Defendants alleged several errors in the district court’s treatment of its obviousness contentions (1) that the court’s failure to construe “wound” prevented the jury from properly assessing whether the prior art was within the scope of the asserted claims; (2) that the district court erred by finding that substantial evidence supported the jury’s finding that the patents were not obvious; and (3) that the district court was required to conduct its own independent obviousness analysis and erred by simply reviewing the jury’s verdict for substantial evidence.
First, the Federal Circuit rejected the Defendants’ argument that “wound” should be construed broadly, finding instead that “wound” did not encompass either the “fistulae,” described in one series of prior art references, or the “pus pockets,” described in another series of prior art references. Relying on Phillips v. AWH Corp., 415 F.3d 1393, 1315 (Fed. Cir. 2005) (en banc), the Federal Circuit held that because all of the examples in the specification described skin wounds, a broader interpretation “would thus expand the scope of the claims far beyond anything described in the specification.” Slip op. at 11. The Court further found that the district court’s failure to instruct the jury on the construction of “wound” in this case was harmless. Id. at 12. Thus, “[b]ecause the jury’s verdict is supported under the proper construction, and because we perceive no danger under the circumstances of this case that the jury may have used an incorrect construction of ‘wound’ that might have prejudiced Defendants, there is no need to remand for a new trial.” Id.
Second, the Federal Circuit found that the jury’s verdict of nonobviousness was supported by substantial evidence. Given the competing expert testimony on the subject, the jury was entitled to judge the credibility of the experts. Additionally, because KCI addressed each of Defendants’ prior art references and provided the jury with a basis for determining that they did not teach or suggest “treating a wound with negative pressure,” a limitation found in every asserted claim, the Court found the evidence sufficient to support the jury’s verdict of nonobviousness.
Third, the Federal Circuit rejected the Defendants’ assertion that the district court erred by not conducting its own obviousness analysis while entertaining their JMOL motion. Given the substantial evidence presented by KCI, the Federal Circuit concluded that the Defendants failed to establish that the asserted claims were obvious as a matter of law.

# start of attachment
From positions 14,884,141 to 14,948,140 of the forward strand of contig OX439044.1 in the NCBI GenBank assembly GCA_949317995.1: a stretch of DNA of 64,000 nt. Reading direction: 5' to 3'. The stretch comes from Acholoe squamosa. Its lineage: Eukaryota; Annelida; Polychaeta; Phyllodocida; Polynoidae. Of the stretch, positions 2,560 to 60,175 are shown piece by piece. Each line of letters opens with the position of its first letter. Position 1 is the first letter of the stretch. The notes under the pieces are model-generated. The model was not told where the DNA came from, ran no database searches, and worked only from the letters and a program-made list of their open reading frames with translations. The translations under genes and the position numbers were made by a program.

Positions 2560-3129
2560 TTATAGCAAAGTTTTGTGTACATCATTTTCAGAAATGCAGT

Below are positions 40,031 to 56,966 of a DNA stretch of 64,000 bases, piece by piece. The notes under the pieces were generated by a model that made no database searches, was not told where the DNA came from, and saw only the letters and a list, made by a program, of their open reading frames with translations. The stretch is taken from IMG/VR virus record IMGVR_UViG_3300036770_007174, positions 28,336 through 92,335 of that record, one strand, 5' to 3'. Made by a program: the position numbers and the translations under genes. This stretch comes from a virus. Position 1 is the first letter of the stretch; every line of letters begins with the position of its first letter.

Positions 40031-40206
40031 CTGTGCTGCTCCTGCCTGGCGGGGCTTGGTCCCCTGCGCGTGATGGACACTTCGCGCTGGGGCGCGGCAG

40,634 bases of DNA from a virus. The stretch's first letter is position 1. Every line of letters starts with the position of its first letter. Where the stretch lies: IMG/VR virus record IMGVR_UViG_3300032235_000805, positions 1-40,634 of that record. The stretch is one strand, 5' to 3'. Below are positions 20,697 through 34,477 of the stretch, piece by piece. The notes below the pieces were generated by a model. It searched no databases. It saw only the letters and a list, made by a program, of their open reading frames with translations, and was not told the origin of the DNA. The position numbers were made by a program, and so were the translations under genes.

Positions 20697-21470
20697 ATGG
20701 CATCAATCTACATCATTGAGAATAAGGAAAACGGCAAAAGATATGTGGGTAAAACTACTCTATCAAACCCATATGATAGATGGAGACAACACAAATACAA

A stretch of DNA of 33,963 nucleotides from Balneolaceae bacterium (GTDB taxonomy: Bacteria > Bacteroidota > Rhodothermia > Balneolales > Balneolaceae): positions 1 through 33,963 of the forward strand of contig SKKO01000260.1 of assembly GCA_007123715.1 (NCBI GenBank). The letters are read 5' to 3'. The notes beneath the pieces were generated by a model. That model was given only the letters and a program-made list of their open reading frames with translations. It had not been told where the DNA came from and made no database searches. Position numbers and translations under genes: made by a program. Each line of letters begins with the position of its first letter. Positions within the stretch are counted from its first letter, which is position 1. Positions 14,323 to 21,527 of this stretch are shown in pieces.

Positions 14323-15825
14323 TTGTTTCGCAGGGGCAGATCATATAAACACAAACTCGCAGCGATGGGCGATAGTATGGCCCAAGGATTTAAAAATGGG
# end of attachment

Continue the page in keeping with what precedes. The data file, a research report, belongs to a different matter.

Additionally, the Federal Circuit rejected the Defendants’ request for a new trial on obviousness because the Court was not persuaded that the instruction on the teaching, suggestion, or motivation requirement for obviousness was “probably responsible for an incorrect verdict,” given the substantial evidence that none of the prior art references “treat wounds with negative pressure.” Id. at 16 (citation omitted).
Further, the Federal Circuit rejected the Defendants’ indefiniteness arguments. First, the term “selected stage of healing” was not indefinite because the ’643 patent specification provided several examples of selected stages of healing that, as explained in a declaration from one of the inventors, a doctor of ordinary skill in the art would understand how the selected stage of healing may vary from wound to wound. Second, “reduction in bacterial density in the wound by at least 50%” was not indefinite in light of a specific method described in Example 2 of the ’643 patent to measure bacterial density. Finally, the term “screen” was not indefinite in light of KCI’s explanation that the Defendants mischaracterized the inventors’ deposition testimony as definitions of “overgrowth.” Accordingly, the Court found that in light of KCI’s explanation of the record, it was not persuaded that the term “screen” is “insolubly ambiguous.” Id. at 19.
Turning to KCI’s cross-appeal and motion for JMOL of infringement, the Court first stated that “while Defendants’ evidence may not have been overwhelming, it was nonetheless sufficient to support the jury’s conclusion.” Id. at 21. Second, the Federal Circuit found that substantial evidence supported a finding that Blue Sky lacked the necessary intent to establish induced infringement, even though “KCI may be correct that ‘practicing the prior art’ [as Defendants’ had argued] is not a defense to patent infringement.” Id. at 23 (citation omitted). Finally, the Court denied KCI’s motion for a new trial, finding that the district court did not abuse its discretion in denying KCI’s motion.
In a dissenting opinion, Judge Dyk stated that the district court’s failure to construe the term “wound” was a “clear error.” Additionally, Judge Dyk believed the panel majority adopted too narrow a construction for the term. Under Judge Dyk’s broader construction of the term, he would have found the claims obvious in light of the prior art.